----------------------------------------------- */ ----------------------------------------------- */ ----------------------------------------------- */ ----------------------------------------------- */ ----------------------------------------------- */ ----------------------------------------------- */ The Fabulous Adventures of Astera: Writer/Actress for Hire: Filmmaker Blog

The Fabulous Adventures of Astera: Writer/Actress for Hire

Meet Astera (aka: me), a star in her own mind. Our plucky little heroine has embarked on not one but two difficult, low-paying career paths: writing and acting. Witness the menial jobs! The unreasonable demands! The quirky friends and family! And the glimmer of success just ahead! Through it all, Astera maintains her core beliefs: 1) She is destined to be fabulous 2) Everything is more fun with a cocktail.

Thursday, July 07, 2005

Filmmaker Blog

Today, I came across Craig Weiler's blog. Apparently, he is a filmmaker here in the Bay Area--mostly short films, I believe. Many of his posts about actors are quite depressing. For instance, he discusses the well-known dearth of acting opportunities and then says this:

It is because of this huge imbalance between actors and available jobs that I can make short films at all. Actors are forced to take non-paying jobs to build their resumes and gain the experience they need in order to get an agent and the possibility of real paid acting work. That's why I can get away with not paying anyone.

If you're a woman especially, the window of opportunity to hit it big is particularly small. Even if you're drop dead gorgeous. A woman who is not an established actress in TV or film by her early twenties can pretty much kiss the idea of being a film star goodbye. The exception is comediennes. Comedy is recognized as a rare talent and the industry is more forgiving of these women.

To get the experience they need, actors compete for non-paying roles. The situation is bleak here as well. I posted an ad on Craig's List for my last shoot and received 12 responses for a minor role. Four of the actors had excellent resumes and they were the only people I considered. To understand this fully, you have to realize that all these people were competing for the "privilege" of working for free on a short film in a minor role. Their chances of having this short film help their career are remote at best. Yet this is the best opportunity available to even these experienced actors.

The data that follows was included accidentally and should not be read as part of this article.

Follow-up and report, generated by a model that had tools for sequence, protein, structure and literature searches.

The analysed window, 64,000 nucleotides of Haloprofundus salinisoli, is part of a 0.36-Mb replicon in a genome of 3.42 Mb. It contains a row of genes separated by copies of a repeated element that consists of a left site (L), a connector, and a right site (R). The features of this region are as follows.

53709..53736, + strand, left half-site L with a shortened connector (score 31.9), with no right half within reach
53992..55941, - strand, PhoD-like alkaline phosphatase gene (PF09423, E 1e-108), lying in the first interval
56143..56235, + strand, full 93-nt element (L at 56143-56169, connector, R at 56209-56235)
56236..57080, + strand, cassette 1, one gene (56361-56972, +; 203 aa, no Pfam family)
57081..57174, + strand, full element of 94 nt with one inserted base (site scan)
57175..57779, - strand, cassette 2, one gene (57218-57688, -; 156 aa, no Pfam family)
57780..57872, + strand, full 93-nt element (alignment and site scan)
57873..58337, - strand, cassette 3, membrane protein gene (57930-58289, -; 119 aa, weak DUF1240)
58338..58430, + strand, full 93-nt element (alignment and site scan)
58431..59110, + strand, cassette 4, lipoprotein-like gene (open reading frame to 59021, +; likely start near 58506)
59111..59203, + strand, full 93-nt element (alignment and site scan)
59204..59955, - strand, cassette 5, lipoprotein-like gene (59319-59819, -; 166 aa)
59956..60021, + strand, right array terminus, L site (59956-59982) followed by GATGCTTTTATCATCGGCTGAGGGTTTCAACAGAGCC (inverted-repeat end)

Okay, yes, there are few opportunities for actors, women have it worse than men, and most actors do have to work for free first to have any shot at getting paid. What rankles me is some comments from another post:

In one of the comments yesterday someone had the gall to suggest that artists will make movies and other art "for free because it's cathartic." Wow! I can't speak for the rest of the artists out there, but I'd like to get paid, whether it's planning and executing the creation of a short film for six weeks, or creating a painting for forty hours. Enough said on that.

So apparently Mr. Weiler believes that while his work is worthy of pay, that of actors is not. Interesting. I guess one could argue that he is providing a service by giving actors an opportunity to ply their craft, but as he admits, the reality of those actors getting any career benefit from a small role in an unpaid film is pretty slim. But actors need material for their reel before they can have much hope of booking bigger, paying parts. What to do? Maybe that's why so many actors ultimately want to produce. At least producers and filmmakers get paid!

Anyway, some of it is interesting reading, particularly for those who want to know more about the nuts and bolts of making a short film. I just wish the guy had a little more respect for actors, those people who make it possible for him to shoot the films.


  • At 10:42 AM, Anonymous Anonymous said…

    Hi Astera,
    This is Craig Weiler and I ran into this old post of yours.

    When I wrote the article I didn't realize how some people might take it. (i.e. badly.) I was responding to some obnoxious moron. Of course I want actors to get paid! I'd love it. Be thrilled in fact.

    I guess the part that I forgot to write was that not only do I want to get paid, I want everyone to get paid. I don't want everyone to have to work for free forever. That sucks.

    I've had the acting dream too, but I'm just too old now for it to be serious. What I really wanted to do was give actors a realistic view of how brutally hard the game is. I was shocked by how pathetic my own attempts were. Good luck to you!
    Craig Weiler

    (if you want to reply, you can get my e-mail through my website www.vancat.com)


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